You can check your engine’s dipstick to see if the oil level is low. If so, try adding some oil better suited to cold weather. This might be enough to get your car going.
How to keep your car going in cold weather
With some simple preparations before the cold weather hits, you can avoid most of these starting problems. Some of the steps are best left to your mechanic, and some are things you can do.
What to have your mechanic check
Your battery. Batteries eventually can deteriorate to the point where they just can’t get your car started in cold conditions. It’s better to know if yours is bad before it gets cold, so you can replace it with a new one that you can count on. The terminals where the wires attach should also be clean and tight. An electrical system check will also identify any other components that may not be operating at peak efficiency.
Your alternator. The alternator is the component that keeps your battery charged. A bad alternator could prevent your battery from gathering enough charge to start your car. The alternator should be replaced if it’s defective. The drive belts that turn the alternator should also be checked for slipping and wear.
Your starter system. If the starter has gone bad, it may be drawing too much current from the battery, preventing your car from starting. The starter relay, the solenoid and the ignition switch should all be checked for proper operation.
Your oil. Fresh oil that is designed for winter use is cleaner and slipperier than old, worn out oil. If your winters are really extreme (think Minnesota or Michigan), consider using synthetic oil, which is made to flow better at very low temperatures. Replace the oil filter, too.
Your fuel pump. You want to have the correct amount of pressure pushing fuel through the lines, when you are trying to get started in the cold winter weather.
Your spark plugs and their wires. Spark plugs last a long time these days, but they’re not immortal. Have your mechanic check them for proper operation so that they’ll be able to generate a strong spark and get your engine started when it’s very cold.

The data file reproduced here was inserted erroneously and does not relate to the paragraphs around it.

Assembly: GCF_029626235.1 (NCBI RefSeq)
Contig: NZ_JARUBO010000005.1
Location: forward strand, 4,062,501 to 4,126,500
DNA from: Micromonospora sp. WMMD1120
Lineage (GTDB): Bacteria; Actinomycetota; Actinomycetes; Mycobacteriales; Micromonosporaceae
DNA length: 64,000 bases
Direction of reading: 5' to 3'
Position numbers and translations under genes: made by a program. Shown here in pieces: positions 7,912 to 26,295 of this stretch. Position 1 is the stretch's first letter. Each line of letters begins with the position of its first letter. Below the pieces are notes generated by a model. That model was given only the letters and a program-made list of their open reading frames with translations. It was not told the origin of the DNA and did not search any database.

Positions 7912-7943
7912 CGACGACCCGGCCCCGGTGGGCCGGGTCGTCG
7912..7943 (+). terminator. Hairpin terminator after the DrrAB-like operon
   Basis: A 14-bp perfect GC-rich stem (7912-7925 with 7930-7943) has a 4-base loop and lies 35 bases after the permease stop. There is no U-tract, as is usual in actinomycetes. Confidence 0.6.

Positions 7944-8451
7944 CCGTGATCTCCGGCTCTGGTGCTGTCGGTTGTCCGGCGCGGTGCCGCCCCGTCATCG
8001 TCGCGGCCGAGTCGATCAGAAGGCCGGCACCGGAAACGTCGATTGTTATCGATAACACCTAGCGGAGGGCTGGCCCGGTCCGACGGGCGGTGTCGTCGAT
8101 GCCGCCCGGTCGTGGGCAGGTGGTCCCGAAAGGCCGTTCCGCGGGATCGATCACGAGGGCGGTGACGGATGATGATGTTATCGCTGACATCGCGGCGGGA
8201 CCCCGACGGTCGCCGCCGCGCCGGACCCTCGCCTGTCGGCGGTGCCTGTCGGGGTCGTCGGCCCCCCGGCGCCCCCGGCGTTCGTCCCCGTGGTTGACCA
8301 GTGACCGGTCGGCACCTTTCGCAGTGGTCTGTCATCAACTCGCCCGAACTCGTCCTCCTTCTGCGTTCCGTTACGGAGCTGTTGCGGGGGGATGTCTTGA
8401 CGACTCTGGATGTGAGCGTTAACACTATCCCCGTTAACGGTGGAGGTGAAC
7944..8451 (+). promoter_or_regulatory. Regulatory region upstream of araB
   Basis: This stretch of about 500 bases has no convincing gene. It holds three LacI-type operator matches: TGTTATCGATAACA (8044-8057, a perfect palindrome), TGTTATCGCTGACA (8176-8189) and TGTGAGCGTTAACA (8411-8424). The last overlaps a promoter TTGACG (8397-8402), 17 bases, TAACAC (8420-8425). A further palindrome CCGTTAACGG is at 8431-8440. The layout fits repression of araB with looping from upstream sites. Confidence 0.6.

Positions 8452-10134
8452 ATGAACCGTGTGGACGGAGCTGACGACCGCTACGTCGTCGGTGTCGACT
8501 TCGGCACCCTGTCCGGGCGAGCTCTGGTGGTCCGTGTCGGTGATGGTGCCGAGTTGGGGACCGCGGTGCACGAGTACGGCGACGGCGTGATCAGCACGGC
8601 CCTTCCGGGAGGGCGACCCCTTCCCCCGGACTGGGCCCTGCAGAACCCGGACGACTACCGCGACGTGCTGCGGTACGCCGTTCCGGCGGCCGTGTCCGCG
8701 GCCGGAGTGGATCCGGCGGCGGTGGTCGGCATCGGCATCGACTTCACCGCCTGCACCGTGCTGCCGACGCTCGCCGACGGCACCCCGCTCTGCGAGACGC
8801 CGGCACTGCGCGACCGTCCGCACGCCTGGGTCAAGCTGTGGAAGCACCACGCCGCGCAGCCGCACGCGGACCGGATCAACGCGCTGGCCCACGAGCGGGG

Your coolant. You will need the proper mixture of coolant and water to protect your engine and keep the mixture from freezing at subzero temperatures.
What you can do
Keep the gas tank full. Excess empty space inside your tank will increase the amount of condensation that might freeze your fuel lines in extreme weather. Get in the habit of never letting it go below the half-full mark. This is also good insurance in case you get stuck or stranded and need to keep your vehicle’s heat and lights operating.
If you use diesel fuel, make sure that the fuel you use is “winterized,” meaning it’s been treated with an additive that keeps it flowing at low temperatures.
Keep your vehicle warm. Starting with a car that is at above-freezing temperatures will eliminate just about all of these cold-weather starting problems. If you have a heated garage, use it. Even an unheated garage can help, and if you use it safely, a small electric or kerosene heater can fend off the cold.
You can also buy an insulating cover to place over your hood to keep the engine heat in. Or you can try using a battery blanket to keep it warm.
Another option is a plug-in engine-block heater, which uses a heating element to keep your engine’s coolant warm overnight. Ask your mechanic about a block heater if you have extreme winters and a place to plug it in. In addition, you can attach a trickle charger to your battery each night to keep it fully charged, without any risk of overcharging it.
If your car starts, but only after a lot of effort
Your car is running on borrowed time. At least one of the factors mentioned above is present in your vehicle right now. Get your car checked out and save yourself a frustrating, freezing morning — and maybe a tow, to boot.